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Summary:

The twin assault of powerful mobile chips such as Qualcomm’s new dual core Snapdragons and Google’s Android OS along with the looming spectre of tablets, growing demand for smartphones (and slow shift away from PCs), the decades-old Wintel duopoly is facing its worst crisis.

snapdragondevices.jpgThe twin assault of ever-so-powerful mobile chips such as the new dual-core Snapdragon from Qualcomm and Google’s Android OS along with the looming specter of tablets (and slow shift away from PCs) mean the decades-old Wintel (Intel+Microsoft) duopoly is facing its worst crisis yet.

One of the reasons is that mobile chip makers are starting to churn out chips that are arguably as powerful as some low-end computer chips, which will give today’s smartphones and a growing number of tablets a steroid-like boost. Qualcomm, one of the largest mobile chip makers, today announced its first dual-CPU chipsets with cores running at clock speeds of up to 1.5 GHz. This would be the third generation of Qualcomm’s Snapdragon products. While the first generation was running at 1 GHz, the second-generation chipsets had up to 1.3 GHz and multimedia extensions. The newest line-up will have dual CPU cores running enhanced cores at speeds of 1.2 GHz and 1.5 GHz.

The San Diego-based chip maker is well known for its Snapdragon line of mobile chipsets, which now power devices such as HTC Incredible and Google’s Nexus One phone. Snapdragon chipsets are also being targeted at smartbooks (low-power netbooks that don’t use Windows OS) and tablets. Qualcomm says nearly 140 devices are using Snapdragon chipsets, including Acer’s Liquid and neoTouch smartphones, Dell’s Streak 5-inch Android tablet, Huawei’s S7 tablet and Lenovo’s LePhone smartphone.

These new chips can handle HSPA+ speeds and include a GPU that has 3D/2D acceleration engines for Open GLES 2.0 and Open VG 1.1 acceleration, 1080p video encode/decode, a dedicated low-power audio engine, integrated low-power GPS and support for 24-bit WXGA 1280×800 resolution displays. Now those are capabilities you’d normally associate with a low-cost laptop. In other words, these chips are not only going to give tablets (hopefully Android-powered) a big boost, they are going to make our superphones even more nimble and nifty.

A few weeks ago I argued that ARM-based chips were going to be a big problem for Intel, which till recently has ruled the chip world with impunity because of its domination of the PC industry. Qualcomm’s new chips are only adding fuel to that fire. Intel, which recently introduced dual-core Atom processors, faces the inevitable: industry choices in a low-margin, high-volume business, something which is alien to its corporate DNA.

At Computex in Taipei, Nvidia CEO Jen-Hsun Huang said that while a lot of people are developing tablets with Windows, he believes that Android is going to run away with the tablet and smartbook opportunities. And he’s betting many will use his Tegra 2 chips.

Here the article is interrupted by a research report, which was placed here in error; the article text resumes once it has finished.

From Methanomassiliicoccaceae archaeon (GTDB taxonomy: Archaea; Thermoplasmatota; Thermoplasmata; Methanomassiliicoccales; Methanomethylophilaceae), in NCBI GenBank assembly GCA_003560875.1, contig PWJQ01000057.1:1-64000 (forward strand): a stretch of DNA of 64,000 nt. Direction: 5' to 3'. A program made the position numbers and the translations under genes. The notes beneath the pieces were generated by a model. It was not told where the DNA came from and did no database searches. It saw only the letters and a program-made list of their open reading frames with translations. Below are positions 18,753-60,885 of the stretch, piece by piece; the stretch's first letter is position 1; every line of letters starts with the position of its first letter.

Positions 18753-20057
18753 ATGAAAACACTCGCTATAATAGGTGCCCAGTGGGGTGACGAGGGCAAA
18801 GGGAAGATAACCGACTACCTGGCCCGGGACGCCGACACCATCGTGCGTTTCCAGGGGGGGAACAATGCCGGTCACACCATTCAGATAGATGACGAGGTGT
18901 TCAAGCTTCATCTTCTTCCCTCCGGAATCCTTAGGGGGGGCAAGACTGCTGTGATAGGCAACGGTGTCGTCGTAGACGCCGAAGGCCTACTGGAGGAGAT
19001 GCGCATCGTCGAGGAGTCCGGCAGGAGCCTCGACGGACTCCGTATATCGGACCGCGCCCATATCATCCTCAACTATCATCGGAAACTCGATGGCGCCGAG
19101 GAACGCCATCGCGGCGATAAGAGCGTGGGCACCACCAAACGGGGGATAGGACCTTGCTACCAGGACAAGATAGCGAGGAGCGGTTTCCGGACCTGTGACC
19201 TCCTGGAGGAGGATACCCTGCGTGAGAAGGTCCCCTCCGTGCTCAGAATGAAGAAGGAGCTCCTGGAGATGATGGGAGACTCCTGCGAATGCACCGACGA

Windows is too big and it’s too full featured for smartbooks and tablets. “The good news is that we finally have an operating system to unite behind. Android is an operating system that has gained a tremendous amount of momentum all over the world. Andy Rubin and his team [at Google] know exactly where the industry needs to go. Android started out as a phone but it’s not lost on them that the tablet is going to be very important and that the Android operating system has to evolve, and be enhanced in certain capabilities, in order to be a good tablet operating system.

I certainly agree as I’ve argued for Google to throw its considerable weight behind Android and forget about Chrome OS. And just as Intel needs to worry about these low-cost, increasingly powerful dual-core mobile chipsets, Microsoft needs to take Huang’s comments very seriously. With tablets expected to be priced at budget prices, it would be hard for tablet makers to work with Microsoft’s model, which involves paying for an operating system. On the flip side, you have Google, happy to share a portion of its revenues derived from search-based advertising.

Well, let’s just sit back and enjoy what comes next!

Related GigaOM Pro Research: For Phones, the Future is Multiple Cores

  1. “Andy Rubin and his team [at Google] know exactly where the industry needs to go.”

    Doesn’t everyone now that Steve Jobs showed them the way :-)

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    1. What are you talking about, Android was acquired by Google in 2005, iPhone came out in 2007.

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      1. Yes, but if I my memory serves correctly, Android was set to compete with RIM and the prototypes all looked similar to Blackberries. Apple upset the whole apple cart and they had to redirect as did everyone else.